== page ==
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Stitched ⋮ Suzani

Stitched ⋮ Suzani

A suzani is a large, hand-embroidered textile panel; the word comes from the Persian word suzan, which means needle.

Traditionally motifs include the sun and moon, flowers and creepers of the Asian steppes, leaves and vines, fruits (especially pomegranates), and occasionally fish and birds. These motifs were believed to imbue the suzanis with spiritual powers, offering protection or strength to their owners.

Suzanis had a symbolic significance, too. They were traditionally made by brides and their mothers as part of a dowry, and presented to the groom on his wedding day. They represented the binding together of two families, and were adorned with symbols of luck, health, long life and fertility.

The primary use of a suzani was within the yurt (a Central Asian nomadic tent), as a protective wrapping panel for textiles and belongings. They were also used as prayer mats, as bed sheets and for seating — pieces of furniture are seldom found in yurts, because they are cumbersome to move.

Suzanis are made from cotton, sometimes silk. The pattern is first drawn onto the cotton, before being embroidered on narrow portable looms. They are usually produced in two or more pieces, meaning that they can be worked on by more than one person, before being stitched together.

The rigours of a nomadic lifestyle — daily use in a yurt and exposure to the elements during migration — were not conducive to the preservation of textiles. This means it is rather unusual to find ‘old’ suzanis, and the oldest surviving examples are from the late 18th and early 19th centuries.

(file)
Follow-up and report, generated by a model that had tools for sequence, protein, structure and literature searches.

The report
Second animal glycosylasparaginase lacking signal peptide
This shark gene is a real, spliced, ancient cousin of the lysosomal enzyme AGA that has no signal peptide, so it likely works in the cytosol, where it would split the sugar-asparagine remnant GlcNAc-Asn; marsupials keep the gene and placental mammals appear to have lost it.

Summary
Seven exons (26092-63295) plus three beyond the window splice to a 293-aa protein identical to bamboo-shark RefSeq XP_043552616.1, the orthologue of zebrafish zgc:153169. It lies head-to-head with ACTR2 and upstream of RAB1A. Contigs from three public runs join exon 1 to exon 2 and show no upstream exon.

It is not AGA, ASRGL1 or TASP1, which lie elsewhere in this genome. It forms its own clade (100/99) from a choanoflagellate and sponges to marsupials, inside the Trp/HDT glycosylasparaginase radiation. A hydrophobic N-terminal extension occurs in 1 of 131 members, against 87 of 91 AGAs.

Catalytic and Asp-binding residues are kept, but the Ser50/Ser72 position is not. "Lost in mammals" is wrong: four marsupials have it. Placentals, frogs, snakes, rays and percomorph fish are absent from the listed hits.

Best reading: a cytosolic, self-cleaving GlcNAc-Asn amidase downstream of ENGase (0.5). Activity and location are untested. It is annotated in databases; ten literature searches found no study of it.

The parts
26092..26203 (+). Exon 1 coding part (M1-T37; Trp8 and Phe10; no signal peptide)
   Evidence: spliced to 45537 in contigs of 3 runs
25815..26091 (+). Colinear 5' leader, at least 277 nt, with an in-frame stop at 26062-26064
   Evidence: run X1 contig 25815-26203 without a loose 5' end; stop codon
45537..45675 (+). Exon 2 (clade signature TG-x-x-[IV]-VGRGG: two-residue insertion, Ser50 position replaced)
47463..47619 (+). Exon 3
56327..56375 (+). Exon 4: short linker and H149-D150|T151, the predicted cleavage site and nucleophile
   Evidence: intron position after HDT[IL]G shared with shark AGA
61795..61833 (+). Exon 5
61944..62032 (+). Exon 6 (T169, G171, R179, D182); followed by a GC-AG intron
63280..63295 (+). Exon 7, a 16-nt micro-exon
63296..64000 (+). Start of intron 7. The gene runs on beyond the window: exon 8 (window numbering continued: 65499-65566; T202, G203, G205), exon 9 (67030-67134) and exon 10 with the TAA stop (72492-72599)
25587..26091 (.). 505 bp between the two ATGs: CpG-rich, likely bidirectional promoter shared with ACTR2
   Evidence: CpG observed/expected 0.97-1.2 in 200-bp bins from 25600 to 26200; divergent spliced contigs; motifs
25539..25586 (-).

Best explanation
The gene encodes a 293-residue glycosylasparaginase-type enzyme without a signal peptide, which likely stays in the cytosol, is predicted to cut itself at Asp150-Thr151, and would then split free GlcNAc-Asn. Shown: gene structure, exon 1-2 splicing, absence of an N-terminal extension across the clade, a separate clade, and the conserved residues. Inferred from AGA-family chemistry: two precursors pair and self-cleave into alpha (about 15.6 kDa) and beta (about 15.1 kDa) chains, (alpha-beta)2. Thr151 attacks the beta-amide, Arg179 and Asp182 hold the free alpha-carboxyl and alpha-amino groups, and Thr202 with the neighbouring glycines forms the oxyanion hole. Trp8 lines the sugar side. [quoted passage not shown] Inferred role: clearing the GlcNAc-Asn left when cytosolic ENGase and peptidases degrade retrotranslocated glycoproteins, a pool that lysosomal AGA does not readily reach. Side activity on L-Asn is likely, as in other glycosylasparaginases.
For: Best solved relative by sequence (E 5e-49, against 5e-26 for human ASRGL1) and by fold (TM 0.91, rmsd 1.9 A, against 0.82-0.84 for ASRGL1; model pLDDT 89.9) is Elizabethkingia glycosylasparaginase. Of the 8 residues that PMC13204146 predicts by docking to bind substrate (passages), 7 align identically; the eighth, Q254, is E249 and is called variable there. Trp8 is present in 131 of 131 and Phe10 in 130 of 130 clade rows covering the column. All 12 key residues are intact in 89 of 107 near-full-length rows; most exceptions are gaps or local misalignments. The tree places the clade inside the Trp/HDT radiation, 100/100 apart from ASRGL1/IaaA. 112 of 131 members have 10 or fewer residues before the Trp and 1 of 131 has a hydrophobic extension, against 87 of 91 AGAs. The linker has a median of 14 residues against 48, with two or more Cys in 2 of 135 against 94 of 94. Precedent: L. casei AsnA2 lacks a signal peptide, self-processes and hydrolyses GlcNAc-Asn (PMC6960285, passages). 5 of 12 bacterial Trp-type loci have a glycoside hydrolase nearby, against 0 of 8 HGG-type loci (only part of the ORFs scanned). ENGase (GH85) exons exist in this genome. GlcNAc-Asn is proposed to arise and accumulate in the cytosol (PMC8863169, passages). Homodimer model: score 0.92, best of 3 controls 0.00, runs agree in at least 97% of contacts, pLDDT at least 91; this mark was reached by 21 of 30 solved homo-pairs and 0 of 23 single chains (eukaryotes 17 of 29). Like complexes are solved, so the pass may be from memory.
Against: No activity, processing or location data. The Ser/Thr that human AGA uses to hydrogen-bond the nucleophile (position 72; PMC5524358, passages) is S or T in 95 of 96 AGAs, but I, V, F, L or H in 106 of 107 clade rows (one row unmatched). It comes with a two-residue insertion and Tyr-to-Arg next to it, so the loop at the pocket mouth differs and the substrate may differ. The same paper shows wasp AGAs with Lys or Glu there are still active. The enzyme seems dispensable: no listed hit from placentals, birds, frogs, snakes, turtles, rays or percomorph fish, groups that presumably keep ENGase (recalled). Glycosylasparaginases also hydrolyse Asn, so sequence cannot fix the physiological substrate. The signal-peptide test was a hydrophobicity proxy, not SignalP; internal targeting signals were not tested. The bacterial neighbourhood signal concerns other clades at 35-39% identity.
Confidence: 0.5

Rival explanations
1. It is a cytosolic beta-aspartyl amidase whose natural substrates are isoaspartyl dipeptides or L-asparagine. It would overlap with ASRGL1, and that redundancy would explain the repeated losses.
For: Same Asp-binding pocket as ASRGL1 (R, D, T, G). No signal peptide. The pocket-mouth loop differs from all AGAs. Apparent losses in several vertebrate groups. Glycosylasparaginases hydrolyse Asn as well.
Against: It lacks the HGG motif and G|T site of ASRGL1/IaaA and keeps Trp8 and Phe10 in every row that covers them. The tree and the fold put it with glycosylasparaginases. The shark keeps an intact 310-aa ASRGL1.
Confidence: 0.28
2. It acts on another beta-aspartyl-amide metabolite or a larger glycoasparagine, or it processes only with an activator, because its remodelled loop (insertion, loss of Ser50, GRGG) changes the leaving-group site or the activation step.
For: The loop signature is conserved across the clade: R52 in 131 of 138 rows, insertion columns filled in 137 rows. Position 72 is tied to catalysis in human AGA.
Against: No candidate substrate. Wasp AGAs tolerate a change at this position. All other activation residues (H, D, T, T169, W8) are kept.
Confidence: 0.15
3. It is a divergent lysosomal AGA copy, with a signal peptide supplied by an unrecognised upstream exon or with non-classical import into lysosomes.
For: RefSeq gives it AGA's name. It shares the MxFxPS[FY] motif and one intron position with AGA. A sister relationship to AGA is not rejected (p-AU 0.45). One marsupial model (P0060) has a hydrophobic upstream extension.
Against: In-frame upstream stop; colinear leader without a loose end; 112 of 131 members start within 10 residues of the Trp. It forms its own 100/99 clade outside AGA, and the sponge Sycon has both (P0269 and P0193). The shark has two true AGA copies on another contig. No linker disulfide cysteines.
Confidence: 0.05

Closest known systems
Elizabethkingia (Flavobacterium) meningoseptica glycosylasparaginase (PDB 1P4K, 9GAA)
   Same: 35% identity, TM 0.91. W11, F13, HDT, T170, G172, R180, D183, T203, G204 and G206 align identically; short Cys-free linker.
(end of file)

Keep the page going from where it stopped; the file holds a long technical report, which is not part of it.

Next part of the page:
In recent years, there has been a remarkable revival of this old traditional art form. Now gorgeous contemporary embroideries decorate not only Uzbek homes, but are also part of the interior design of western homes in Europe and Australia - as bedcovers, throws, curtains, and framed on a wall as a stunning pieces of art. Fortunately, we now have access to beautiful contemporary textiles that are a natural outgrowth of the old traditions.

As with any textile art, a range of quality appears in the new suzanis currently on the market. The pieces are produced under widely varying circumstances - both in cities and villages, both in workshops and in homes.

The best new pieces are truly lovely, with inspired designing, excellent materials, and fine craftsmanship.

Christie’s: A Guide to Suzani Textiles

Textile Book

A Kaleidoscope of Textile Tales